the French gave it another go in the 1930s. I wonder what the solution in the U. But here you have it: In 1932. This time.” which sent the peso tumbling and spread economic hardships throughout Latin America.John Law became the most hated man in France and was forced to flee to Italy. It took only 12 years for them to inflate their currency until it lost 99% of its value. Weimar Germany — Mark Post-World War I Weimar Germany was one of the greatest periods of hyperinflation that ever existed. Then Napoleon stepped on the scene and brought with him the gold franc. One of the good things that Napoleon realized is that gold is the way of a stable currency. and Norway had currency shocks that spread through Europe. the French government again tried to give paper money another go. History has proven a couple things about the French: 1) They are quick to surrender and 2) They are very talented at making worthless currency. this time with the paper franc. inflation of Assignats was running at approximately 13.26 billion marks December 1923: 4. . Italy.2 trillion marks. will be. Oops. dollar exchange rate: April 1919: 12 marks November 1921: 263 marks January 1923: 17. (Huge unpayable debt — that sounds familiar. Mexico went through the infamous “Tequila Hangover. By 1795. I won’t go into extensive details of all these examples of paper money failures. because there are SO many.) Inflation got so bad in this period that German citizens were literally using stacks of marks to heat their furnaces.000%. Here is a brief timeline of the marks per one U. the pieces of garbage they issued were called Assignats.S. and that’s what pretty much ensued during his reign. Argentina had the eighth largest economy in the world before its currency collapsed.621 million marks October 1923: 25. fiat failures have become more common occurrences.000 marks August 1923: 4. Finland. In 1992. and the only way it could make repayment was by running the printing press. In 1994. For the sake of time. The sums of money to be paid by Germany were enormous. The Treaty of Versailles was essentially a financial punishment placed on Germany to make reparations.S. In the latter part of the 18th century. Fiat Money -More Recent Times In recent times. After Waterloo had come and gone.

has some of these above-mentioned characteristics. When the government found it inconvenient to have a gold standard.S. attempts with paper money in our short history. More on that in just a second. have the nation unable to supply the most basic essentials such as bread and clean water. In present times. silver. Hong Kong. the Thai baht fell through the floor and the effects spread to Malaysia.S. It actually HAS to be backed by commodities. The first attempt with paper money came in 1690 with the issuance of Colonial notes. the ones that lead to toilet paper money becoming just that. The other Colonies quickly jumped on the toilet paper money bandwagon and began issuing their own paper currencies. Although the money was “officially” backed by a gold standard until 1971. after its devaluation brought on economic recession. The lessons of John Law and others were definitely not learned. Now we have the greenback.. it was still a fiat money. wasn’t used. Big surprise — the issuance of paper money was used to finance the war efforts. and the phrase “not worth a continental” was coined. combined with hyperinflation.S. The next experiment came during the Revolutionary War. the money quickly became over issued. This brought on a large distrust for paper currency. the Philippines. Essentially. and until 1913. citizens to hold gold or exchange dollars for gold. This time. It is not good enough just to say that a currency is backed by commodities. In the early 21st “Under the infallible leadership of President Franklin Roosevelt. and South Korea. The first Colonial notes were issued in Massachusetts and were redeemable for gold. it was made illegal to own gold. cattle and other commodities. As reported on Strike-the-root.In 1997. Like a broken record. On . There are many consistencies from the above-mentioned stories that led up to the eventual collapse of the currencies.S. I should say the lessons were not learned. corn. The scary thing is that the U. we have seen the Turkish lira experience strokes of hyperinflation similar to that of the mark of Weimar Germany. I would first like to give a brief look at the U. Now Mugabe’s attempts at price controls. The crash of the continental was spectacular. which was once considered the breadbasket of Africa and was one of the wealthiest countries on the continent. it wasn’t a true gold standard. he issued an order forbidding banks to make gold payments. Indonesia. Fiat Money -Lessons to Be Learned Here in the U. The Russian ruble was not the currency you wanted your investments denominated in in 1998. and in a short period of time. 1933. On March 11. Colonials became as good as toilet paper. Enter the infamous Federal Reserve and its monopoly on money and interest rates. toilet paper money in the U.S. we have Zimbabwe. it just made it illegal for U. the currency was called a continental.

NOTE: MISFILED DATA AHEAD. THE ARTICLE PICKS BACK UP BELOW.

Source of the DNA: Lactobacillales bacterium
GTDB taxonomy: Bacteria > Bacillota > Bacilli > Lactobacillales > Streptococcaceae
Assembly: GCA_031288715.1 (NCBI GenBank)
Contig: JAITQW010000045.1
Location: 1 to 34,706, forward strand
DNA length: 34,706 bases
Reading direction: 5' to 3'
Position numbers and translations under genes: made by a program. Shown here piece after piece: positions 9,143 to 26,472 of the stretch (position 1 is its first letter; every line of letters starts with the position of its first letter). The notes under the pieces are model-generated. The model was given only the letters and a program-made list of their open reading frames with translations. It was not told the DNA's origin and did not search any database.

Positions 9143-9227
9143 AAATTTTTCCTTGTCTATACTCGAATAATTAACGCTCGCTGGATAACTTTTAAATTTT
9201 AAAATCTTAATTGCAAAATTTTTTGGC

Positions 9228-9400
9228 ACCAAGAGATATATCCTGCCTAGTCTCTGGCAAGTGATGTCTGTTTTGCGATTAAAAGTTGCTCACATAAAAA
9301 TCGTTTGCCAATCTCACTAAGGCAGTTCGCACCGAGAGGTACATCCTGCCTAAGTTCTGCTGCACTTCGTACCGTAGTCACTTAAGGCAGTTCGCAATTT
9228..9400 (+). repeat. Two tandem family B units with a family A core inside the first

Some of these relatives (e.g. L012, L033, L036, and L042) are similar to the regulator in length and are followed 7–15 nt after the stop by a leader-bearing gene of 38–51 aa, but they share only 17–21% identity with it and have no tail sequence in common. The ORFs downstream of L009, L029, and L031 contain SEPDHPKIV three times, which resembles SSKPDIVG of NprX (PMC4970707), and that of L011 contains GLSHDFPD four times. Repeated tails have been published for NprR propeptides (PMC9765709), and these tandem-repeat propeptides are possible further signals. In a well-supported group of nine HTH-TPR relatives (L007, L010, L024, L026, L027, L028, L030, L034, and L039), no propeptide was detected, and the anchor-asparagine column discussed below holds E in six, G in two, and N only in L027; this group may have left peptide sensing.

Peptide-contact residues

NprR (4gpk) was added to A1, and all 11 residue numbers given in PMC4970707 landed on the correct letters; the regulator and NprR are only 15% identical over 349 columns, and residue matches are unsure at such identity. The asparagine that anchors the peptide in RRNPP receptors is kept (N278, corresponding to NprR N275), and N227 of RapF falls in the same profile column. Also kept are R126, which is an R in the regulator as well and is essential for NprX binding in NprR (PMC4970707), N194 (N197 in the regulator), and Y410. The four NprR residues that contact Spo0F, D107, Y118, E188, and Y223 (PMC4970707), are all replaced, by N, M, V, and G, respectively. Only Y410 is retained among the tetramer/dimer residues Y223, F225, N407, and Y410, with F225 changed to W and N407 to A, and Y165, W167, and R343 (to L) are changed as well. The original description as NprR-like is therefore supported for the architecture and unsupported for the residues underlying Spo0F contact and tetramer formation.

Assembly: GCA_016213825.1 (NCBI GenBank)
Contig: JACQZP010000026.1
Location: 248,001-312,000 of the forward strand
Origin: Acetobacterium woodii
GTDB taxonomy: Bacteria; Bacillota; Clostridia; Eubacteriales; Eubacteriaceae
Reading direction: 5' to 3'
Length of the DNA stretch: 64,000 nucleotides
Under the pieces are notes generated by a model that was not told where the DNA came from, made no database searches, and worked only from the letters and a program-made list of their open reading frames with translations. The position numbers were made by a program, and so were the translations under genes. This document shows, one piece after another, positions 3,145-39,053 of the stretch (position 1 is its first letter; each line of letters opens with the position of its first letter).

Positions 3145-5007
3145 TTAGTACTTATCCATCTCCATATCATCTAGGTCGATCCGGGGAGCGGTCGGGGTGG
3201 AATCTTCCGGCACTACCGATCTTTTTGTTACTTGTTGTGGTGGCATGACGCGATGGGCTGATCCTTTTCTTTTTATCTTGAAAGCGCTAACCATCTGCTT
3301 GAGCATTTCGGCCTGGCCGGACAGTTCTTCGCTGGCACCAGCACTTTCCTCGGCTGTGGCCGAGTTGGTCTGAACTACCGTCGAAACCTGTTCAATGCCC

So what’s in the future for the dollar? Some. All though the reasons for the debt are completely different. it appears that this Mount Everest of IOUs is going to be impossible to pay back. it already is toilet paper money. Nick Jones . which are alarmingly similar to the circumstances that led up to the eventual collapse of the dollar’s toilet paper predecessors. We are currently increasing the supply of dollars at a rate of 13% per annum.April 5.000 fine. In my opinion. It has lost over 92% of its value since its initial issuance in 1913.S. except for collector’s coins. might say that the dollar has already failed. experienced some of the worst inflation in its history. but the implications of such actions are obvious.S. but for the above-mentioned characteristics. of A. could just print 10 trillion dollar bills and hand them out.S. I guess the U. has a debt similar to that of Weimar Germany.S. I believe that we have seen only the tip of the iceberg of the dollar’s inevitable path toward becoming toilet paper money. The U. Until Next Time. After the revaluation in 1934. myself included. This over issuance of a currency has been the leading indicator of a currency on the brink. the dollar dropped another 41%.S has engaged in 16 military conflicts. During the decade that followed. We have been involved in some form of violent international accord in 44 of the past 93 years. Roosevelt ordered all citizens to surrender their gold — no person could hold more than $100 in gold coins. if you look back at our history. The overwhelming majority of military conflicts result in monetary inflation. has all the characteristics set in place that have led to the collapse of every other fiat currency money in history. He also made it unlawful to export gold for payment abroad. the U.” But the official demise of the dollar was locked into place in 1971 when “Tricky Dick” Nixon completely severed all ties between the dollar and the gold standard. monetary and fiscal irresponsibility. since 1914. The U.S. The penalty for defying Roosevelt was 10 years in prison and a $250. and the financing of this war is extremely inflationary. the U. unless done through the Treasury. only matched by today’s U. In fact. We are currently at war.